Contact: prof. dr H. Honing
    Starting date: Put on hold.

  6. Can beat perception and isochrony perception be disentangled in adults and newborns?

    To shed light on how humans can learn to understand music, we need to discover what the perceptual capabilities with which infants are born. Beat induction, the detection of a regular pulse in an auditory signal, is considered a fundamental human trait that, arguably, played a decisive role in the origin of music. Theorists continue to be divided on the issue whether this ability is innate or learned. Winkler et al. (2009) provided the first evidence in support of the view that beat perception is innate.

    More recently however, Bouwer et al. (2014) pointed out that the used paradigm needs additional controls to be certain that any effects (or the lack thereof) are due to beat perception, and not, for instance, a result of pattern matching, acoustic variability or sequential learning.

    To disentagle beat perception from isochrony perception, a novel oddball paradigm is currently being adapted for a pilot at the Institute of Cognitive Neuroscience and Psychology, Budapest (MTA) in order to 1) replicate the results of Winkler et al. (2009), 2) compare it to two recent studies with humans (Bouwer et al., 2016) and nonhuman animals (Honing et al., 2018), and 3) to disentagle beat perception from isochrony perception. To analyse and re-interpret these results (both published and in prep.) we look for an excellent and skilled master student with expertise in Matlab and EEG-analyses in both the time and frequency domain. The result will lead to a literature thesis or Master thesis.

    Requirements:
    - Expertise in analysing EEG, ERP and/or MMN
    - Skilled user of Matlab and statistical software
    - Interest in music cognition and rhythm cognition

    References:
    [1] Winkler et al. (2009)
    [2] Bouwer et al. (2016)
    [3] Honing et al. (2018)

    Contact: prof. dr H. Honing
    Starting date: Winter 2019. [position filled]

  7. Computational probabilistic modeling of rhythm perception

    This project has a few different variants. They all involve IDyOM. IDyOM is a modeling framework designed for music prediction and based on multiple-viewpoint-systems, a class of music-tailored sequential prediction systems based on data compression methods. Recently, we have extended IDyOM to better predict the onset time of upcoming events by using metrical structure probabilistically inferred from the input.

    Requirements (for all variants): Keen interest in cognitive modeling. Knowledge of probability theory and programming experience is required. Common Lisp experience will be very helpful, otherwise eagerness to submerge yourself into a new programming language in a few weeks is required. Familiarity with music-theory might be helpful.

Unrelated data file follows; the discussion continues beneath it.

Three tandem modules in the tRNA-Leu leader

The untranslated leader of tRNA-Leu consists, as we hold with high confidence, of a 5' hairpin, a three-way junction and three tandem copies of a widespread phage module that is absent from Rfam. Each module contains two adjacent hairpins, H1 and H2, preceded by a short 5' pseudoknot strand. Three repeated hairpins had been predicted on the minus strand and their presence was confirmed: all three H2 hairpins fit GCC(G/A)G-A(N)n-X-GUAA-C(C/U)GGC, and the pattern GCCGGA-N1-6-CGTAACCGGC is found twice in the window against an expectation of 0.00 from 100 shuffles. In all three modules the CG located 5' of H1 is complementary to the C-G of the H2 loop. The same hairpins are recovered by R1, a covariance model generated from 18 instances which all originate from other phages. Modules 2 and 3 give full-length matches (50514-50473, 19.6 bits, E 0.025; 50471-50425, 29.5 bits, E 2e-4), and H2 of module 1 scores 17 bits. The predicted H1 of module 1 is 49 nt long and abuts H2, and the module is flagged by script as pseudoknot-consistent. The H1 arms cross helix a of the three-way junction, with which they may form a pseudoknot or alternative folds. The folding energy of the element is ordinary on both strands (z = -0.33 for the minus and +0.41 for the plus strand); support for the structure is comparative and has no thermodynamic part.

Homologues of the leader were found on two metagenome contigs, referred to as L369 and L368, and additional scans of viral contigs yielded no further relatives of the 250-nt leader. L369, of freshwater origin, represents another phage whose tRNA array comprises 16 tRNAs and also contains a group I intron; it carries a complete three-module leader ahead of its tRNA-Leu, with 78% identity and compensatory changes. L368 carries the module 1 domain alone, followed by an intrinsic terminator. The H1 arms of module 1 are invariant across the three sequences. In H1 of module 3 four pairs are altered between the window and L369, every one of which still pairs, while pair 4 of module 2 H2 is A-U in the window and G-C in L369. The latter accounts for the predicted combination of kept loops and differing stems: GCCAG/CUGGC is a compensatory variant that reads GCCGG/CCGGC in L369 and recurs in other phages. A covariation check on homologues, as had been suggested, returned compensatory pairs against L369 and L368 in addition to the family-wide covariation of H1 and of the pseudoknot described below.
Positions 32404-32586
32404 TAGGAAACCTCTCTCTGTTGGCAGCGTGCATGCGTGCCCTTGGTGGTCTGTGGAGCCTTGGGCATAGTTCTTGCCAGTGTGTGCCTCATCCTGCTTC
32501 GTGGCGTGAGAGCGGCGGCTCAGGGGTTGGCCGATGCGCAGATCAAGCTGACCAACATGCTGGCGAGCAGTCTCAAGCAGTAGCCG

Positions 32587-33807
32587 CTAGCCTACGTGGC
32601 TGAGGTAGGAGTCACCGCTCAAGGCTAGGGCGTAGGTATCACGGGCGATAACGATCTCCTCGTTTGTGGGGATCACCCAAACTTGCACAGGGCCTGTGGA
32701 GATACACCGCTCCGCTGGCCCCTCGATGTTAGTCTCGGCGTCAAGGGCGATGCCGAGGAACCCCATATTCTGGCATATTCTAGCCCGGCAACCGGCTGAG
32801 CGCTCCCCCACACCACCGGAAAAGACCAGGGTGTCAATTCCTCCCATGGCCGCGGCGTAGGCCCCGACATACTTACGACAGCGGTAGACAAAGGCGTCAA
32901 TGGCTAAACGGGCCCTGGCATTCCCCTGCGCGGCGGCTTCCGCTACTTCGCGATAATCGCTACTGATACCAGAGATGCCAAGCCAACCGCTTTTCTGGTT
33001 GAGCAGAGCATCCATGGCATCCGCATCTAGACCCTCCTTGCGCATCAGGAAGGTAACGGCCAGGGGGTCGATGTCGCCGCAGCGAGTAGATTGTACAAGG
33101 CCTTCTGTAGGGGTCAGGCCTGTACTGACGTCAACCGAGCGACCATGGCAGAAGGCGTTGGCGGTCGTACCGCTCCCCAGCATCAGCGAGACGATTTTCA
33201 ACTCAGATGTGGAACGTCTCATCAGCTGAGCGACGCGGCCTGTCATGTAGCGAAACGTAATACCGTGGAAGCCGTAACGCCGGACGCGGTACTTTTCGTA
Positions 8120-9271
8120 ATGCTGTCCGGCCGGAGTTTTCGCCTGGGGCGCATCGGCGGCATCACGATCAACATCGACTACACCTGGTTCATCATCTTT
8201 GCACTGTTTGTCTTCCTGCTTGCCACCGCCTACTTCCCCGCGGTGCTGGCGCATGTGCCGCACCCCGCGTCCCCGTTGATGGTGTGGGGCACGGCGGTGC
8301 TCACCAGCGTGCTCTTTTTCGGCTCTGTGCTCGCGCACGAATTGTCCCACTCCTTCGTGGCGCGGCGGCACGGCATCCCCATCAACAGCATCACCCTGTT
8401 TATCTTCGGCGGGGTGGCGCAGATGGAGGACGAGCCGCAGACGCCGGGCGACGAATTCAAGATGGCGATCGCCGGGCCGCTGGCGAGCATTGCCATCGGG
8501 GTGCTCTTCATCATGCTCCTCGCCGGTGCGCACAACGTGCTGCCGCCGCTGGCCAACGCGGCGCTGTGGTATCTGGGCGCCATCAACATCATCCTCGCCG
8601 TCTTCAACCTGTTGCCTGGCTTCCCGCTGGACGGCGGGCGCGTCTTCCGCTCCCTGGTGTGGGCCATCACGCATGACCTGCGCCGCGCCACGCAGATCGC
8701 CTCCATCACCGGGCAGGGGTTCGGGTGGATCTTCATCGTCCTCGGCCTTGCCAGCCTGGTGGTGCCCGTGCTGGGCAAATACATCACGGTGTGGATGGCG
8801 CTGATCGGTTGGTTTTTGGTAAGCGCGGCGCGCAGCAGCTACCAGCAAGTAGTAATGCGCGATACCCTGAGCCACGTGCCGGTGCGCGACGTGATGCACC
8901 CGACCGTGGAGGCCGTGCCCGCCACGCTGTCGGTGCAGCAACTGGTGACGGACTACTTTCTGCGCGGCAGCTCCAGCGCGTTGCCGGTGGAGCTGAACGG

Variant 1. The influence of patterns in pitch on the perception of meter
    Currently, our model infers meters using only patterns of onset times. However, melodic patterns are known to also exert a strong influence on the perception of meter. For example, repetitions of certain melodic patterns strongly induce meters with corresponding periodicities. Furthermore, downbeats tend to align with harmonically salient pitches. A similar method to what we used for inferring metrical structure could be used to infer key-signatures. The goal of this project is to further refine this idea, translate it into a concrete plan for modeling this using the multiple-viewpoint-systems framework, implement it, and analyze the results, possibly inferring cognitive predictions about the interaction of melody and meter perception

    Variant 2. Probabilistic key inference
    Using a similar approach to how we infer meters, it may be possible to infer kinds of hidden structure that underlies the musical surface. Key is one such structure. The goal of this project is to extend the IDyOM model to infer the most likely key-signature for a melody. The approach can likely be very similar to how our model infers meters.

    Variant 3. Improving music prediction performance
    Multiple-viewpoint systems use multiple abstracted representation simultaneously to predict upcoming events in a piece of music. For each representation used in the multiple viewpoint system, a data compression algorithm is used to predict upcoming symbols in that representation. Currently, the data-compression algorithm we use for predicting these symbols is prediction by partial match (PPM*) (which implements a variable-order hidden markov model). However, there may be other solutions that perform better at predicting strings of symbols derived from music. In particular, recurrent neural networks may be a good candidate, given their recent success in a variety of sequential prediction domains. The goal of this project is substitute the PPM* prediction mechanism with a potentially better prediction mechanism and systematically evaluate its prediction performance.
    N.B. Variant-specific requirements: In addition to the global requirements, machine learning expertise is required. Experience with recursive neural nets is preferable, but solid machine learning experience could also be sufficient.

    Contact: B. van der Weij, MSc
    Starting date: Spring 2017. [position filled]